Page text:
Korean show aims for world stage

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Korean show aims for world stage

Korean musicals can do very well in the domestic market and moderately well abroad, but few have been made from the start with an international audience in mind.
Seensee Musical Company, one of the biggest musical production companies in Korea and the domestic producer of such shows as “Mamma Mia!” and “Aida,” is doing just that. The company is at work on a new production, “Dancing Shadows,” a musical based on the Korean play “Sanbul (Forest Fire)” written by the playwright Cha Bum-suk, who passed away in June.
But Seensee is taking a new path for a Korean producer trying to make a globally competitive musical show, by enlisting internationally-recognized artists and writers. It has recruited the Chilean playwright Ariel Dorfman, who wrote “Death and the Maiden,” the Scottish composer Eric Woolfson, who did “Gaudi” and “Gambler” and just finished “Poe,” and the British producer Paul Garrington, who did “Mamma Mia!” and “Whistle Down the Wind.”
“[Seensee] asked them to make the musical universal, taking the Korean color and history out of the original play while adding flavors that people from other nations could respond to,” said Choi Seung-hee, a spokeswoman for the company. What matters, she said, is that the play succeeds internationally and not that its creators were Korean.
“Sanbul” is about a village in the Sobaek Mountains where only women are left ― all the men have died or been sent to fight in the Korean War. A young widow hides a man who has run away from the North Korean military, and falls in love with him, but her friend finds out and also falls in love with the man. The plot of “Dancing Shadows” is similar to the play, but with a more uplifting ending. It also has no Korean elements ― everything from the names of the characters, the village and even the war has been changed. The musical unfolds like a fairy tale, in which the village of Constanza is deprived of men due to a war between the armies of the Moon and the Sun.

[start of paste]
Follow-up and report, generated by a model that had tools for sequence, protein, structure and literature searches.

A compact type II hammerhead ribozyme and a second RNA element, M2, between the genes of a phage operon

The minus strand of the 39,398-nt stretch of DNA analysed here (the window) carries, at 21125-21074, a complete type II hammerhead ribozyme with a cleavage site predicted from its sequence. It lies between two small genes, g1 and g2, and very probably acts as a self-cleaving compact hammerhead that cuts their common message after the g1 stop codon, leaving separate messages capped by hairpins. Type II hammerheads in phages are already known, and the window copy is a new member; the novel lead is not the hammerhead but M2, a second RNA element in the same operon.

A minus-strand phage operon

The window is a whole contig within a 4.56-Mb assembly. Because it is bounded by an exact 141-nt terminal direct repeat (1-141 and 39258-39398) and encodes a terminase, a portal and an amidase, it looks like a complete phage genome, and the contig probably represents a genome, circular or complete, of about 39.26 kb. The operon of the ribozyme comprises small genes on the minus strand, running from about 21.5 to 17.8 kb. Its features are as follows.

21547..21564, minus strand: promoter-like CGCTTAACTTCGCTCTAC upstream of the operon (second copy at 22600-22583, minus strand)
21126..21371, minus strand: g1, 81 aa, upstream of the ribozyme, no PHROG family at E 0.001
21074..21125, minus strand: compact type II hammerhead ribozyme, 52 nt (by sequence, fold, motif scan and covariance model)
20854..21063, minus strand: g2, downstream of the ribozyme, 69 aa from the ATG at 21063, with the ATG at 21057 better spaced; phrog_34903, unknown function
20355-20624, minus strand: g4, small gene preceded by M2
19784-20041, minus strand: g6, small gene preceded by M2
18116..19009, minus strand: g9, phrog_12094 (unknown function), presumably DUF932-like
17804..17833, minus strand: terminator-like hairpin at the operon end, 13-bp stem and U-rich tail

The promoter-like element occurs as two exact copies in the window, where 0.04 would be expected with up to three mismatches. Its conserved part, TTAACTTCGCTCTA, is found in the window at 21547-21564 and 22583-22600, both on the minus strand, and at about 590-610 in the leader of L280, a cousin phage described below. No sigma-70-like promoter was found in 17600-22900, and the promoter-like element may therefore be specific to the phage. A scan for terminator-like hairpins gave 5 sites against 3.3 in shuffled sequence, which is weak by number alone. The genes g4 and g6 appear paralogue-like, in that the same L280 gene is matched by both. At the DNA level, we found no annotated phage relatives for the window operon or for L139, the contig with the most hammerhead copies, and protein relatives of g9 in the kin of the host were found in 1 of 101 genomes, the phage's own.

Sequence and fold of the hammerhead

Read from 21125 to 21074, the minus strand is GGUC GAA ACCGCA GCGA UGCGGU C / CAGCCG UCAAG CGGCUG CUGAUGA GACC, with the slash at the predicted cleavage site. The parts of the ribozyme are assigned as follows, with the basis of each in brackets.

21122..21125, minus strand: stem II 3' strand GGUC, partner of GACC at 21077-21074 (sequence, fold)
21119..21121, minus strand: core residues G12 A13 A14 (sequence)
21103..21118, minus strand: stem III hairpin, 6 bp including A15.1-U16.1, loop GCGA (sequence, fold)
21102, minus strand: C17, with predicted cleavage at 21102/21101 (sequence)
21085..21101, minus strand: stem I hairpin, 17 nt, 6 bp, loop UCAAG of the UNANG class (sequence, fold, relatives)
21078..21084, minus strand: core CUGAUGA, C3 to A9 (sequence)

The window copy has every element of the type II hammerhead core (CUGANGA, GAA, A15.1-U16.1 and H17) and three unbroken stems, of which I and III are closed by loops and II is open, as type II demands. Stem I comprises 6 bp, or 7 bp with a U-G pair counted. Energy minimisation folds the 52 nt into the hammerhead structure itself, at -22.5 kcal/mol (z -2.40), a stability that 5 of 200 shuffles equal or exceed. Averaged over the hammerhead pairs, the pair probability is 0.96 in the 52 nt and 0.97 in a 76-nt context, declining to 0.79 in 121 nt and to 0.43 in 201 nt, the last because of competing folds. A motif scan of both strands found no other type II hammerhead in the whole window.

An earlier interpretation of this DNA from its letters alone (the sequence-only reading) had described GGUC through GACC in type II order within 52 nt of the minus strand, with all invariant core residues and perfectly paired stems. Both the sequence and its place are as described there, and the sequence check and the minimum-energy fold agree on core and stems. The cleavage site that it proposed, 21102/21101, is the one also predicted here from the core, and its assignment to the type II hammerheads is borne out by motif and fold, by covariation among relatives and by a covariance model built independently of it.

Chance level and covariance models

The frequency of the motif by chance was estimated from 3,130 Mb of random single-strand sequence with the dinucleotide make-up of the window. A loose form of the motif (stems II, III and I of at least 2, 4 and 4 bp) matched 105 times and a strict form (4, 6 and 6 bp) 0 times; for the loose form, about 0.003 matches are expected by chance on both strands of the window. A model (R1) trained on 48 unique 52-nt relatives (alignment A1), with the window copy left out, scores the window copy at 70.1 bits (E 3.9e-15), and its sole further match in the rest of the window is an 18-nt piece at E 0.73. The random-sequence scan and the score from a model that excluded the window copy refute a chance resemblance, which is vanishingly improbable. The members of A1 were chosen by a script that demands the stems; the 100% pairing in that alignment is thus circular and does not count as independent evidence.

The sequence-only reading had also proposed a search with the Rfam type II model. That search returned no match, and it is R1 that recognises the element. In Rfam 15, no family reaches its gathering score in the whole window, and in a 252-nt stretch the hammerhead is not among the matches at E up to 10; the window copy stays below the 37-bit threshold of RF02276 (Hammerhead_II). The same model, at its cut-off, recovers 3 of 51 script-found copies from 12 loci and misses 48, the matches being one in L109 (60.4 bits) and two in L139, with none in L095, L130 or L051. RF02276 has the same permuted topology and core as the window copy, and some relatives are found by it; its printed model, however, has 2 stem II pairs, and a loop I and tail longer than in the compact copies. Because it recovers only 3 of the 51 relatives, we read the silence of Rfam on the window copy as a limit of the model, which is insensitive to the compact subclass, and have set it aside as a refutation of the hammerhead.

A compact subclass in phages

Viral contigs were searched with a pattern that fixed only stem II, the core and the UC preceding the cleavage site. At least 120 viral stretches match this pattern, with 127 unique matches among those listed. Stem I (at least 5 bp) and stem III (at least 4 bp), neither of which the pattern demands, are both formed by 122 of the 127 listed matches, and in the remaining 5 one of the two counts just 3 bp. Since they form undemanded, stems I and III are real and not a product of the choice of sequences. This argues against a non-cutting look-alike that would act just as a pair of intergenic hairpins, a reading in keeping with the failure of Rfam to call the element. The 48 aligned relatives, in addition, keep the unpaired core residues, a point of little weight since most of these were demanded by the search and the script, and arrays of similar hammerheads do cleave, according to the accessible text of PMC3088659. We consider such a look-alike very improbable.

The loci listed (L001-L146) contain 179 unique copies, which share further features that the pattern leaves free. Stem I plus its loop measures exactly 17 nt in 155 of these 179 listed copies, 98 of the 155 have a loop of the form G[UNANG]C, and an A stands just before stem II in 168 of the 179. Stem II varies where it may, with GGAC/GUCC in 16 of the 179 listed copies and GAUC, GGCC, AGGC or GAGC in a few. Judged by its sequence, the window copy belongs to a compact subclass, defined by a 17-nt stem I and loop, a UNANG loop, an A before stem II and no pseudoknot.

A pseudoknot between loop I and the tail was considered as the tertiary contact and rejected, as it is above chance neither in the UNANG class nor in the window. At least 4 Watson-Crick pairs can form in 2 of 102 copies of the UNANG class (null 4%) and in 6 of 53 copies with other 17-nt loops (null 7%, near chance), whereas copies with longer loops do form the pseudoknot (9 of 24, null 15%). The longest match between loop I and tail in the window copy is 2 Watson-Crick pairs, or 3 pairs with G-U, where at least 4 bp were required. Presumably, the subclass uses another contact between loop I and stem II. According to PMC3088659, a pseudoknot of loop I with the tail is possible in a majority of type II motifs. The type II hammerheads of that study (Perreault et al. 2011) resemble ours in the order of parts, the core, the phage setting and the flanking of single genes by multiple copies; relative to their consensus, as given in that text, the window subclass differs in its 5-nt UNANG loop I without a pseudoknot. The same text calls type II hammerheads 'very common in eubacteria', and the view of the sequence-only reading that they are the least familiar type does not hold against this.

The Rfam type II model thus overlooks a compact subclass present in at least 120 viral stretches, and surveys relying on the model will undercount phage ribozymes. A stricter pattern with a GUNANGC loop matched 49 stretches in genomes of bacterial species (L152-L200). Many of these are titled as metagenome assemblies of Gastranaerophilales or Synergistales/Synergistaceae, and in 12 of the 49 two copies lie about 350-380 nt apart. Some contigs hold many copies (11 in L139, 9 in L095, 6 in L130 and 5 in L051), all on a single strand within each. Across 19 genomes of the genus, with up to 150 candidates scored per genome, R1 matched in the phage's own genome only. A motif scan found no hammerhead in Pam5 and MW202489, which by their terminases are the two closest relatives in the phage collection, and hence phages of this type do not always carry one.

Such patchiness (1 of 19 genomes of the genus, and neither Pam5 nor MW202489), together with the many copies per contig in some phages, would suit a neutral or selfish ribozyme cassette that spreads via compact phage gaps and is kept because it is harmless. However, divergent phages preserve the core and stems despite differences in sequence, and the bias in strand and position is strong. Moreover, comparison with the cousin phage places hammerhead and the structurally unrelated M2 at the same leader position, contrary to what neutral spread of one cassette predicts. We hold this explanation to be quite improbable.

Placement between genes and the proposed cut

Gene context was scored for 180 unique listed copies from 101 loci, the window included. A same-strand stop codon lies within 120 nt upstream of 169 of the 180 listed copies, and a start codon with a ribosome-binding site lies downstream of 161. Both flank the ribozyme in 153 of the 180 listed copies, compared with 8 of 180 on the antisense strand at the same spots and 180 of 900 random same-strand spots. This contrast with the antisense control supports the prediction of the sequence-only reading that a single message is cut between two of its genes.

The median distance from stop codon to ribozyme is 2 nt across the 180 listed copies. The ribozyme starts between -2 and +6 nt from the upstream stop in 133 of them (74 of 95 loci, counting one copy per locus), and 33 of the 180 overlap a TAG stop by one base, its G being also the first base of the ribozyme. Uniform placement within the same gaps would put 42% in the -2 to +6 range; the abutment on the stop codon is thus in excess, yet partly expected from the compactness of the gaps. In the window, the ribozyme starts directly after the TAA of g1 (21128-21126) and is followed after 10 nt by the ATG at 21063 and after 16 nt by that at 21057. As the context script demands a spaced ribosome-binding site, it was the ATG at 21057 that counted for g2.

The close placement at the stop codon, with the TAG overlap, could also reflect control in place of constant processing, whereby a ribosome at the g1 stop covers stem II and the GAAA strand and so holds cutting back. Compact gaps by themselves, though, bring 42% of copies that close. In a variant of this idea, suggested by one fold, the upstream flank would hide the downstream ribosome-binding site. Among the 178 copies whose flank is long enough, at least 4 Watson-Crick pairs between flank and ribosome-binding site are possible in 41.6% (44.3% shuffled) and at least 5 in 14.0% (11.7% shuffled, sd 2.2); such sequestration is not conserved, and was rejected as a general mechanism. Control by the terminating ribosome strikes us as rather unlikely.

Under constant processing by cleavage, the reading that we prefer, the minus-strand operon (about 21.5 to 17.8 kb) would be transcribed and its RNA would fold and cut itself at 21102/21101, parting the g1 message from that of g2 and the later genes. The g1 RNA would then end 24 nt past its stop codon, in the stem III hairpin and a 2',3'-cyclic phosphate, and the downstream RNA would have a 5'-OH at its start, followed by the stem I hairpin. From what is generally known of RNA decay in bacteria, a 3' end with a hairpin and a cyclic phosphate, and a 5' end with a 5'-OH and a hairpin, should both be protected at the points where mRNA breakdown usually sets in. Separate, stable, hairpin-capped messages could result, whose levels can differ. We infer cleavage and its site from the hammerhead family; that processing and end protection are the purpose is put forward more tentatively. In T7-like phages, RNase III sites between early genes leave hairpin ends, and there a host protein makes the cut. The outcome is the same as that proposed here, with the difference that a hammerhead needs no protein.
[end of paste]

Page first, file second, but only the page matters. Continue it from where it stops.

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Mr. Dorfman said that he decided to make the enemies the Moon and the Sun, to symbolize that war is pointless; humans need both the moon and the sun, he pointed out.
“The story is about people hurting each other without wanting to,” Mr. Dorfman said at the showcase, held at the Seoul Arts Center on July 3. “When I was a child, I loved music and trees, and hated war. The show is a combination of my dream and nightmares.
“It’s a fairytale reality. There is nobody entirely good and bad,” he added.
“I’m so pleased to see that a Korean musical is ready to jump the fence,” said Sung Ki-youn, who plays the roles of captain and narrator in the musical. He has appeared only in licensed musicals, saying that most Korean creative productions are rapidly made and not well prepared.
Seensee certainly splurged on preparation. The process of adapting “Sanbul” to a musical started in 1999, when Seensee asked Mr. Woolfson to compose music for the production. Looking for inspiration, Mr. Woolfson visited the Demilitarized Zone and studied Korean traditional music. With Mr. Dorfman coming on board in 2004, the company held its first workshop in September last year, in London and in English. It finally persuaded Mr. Garrington to join the troupe in February this year, and held a series of auditions for the show; it is planning to hold additional ones for ensembles. Seensee is planning to put the musical on stage in July next year at the Seoul Arts Center.
Mr. Dorfman met Mr. Cha in 2004 in Japan; he recalled the playwright as having a “great sense of humor,” and a “gentle intelligence.” He added that he still feels Mr. Cha’s presence in some of the songs, particularly in the “chacha chacha chacha” sound of the trees.


by Park Sung-ha
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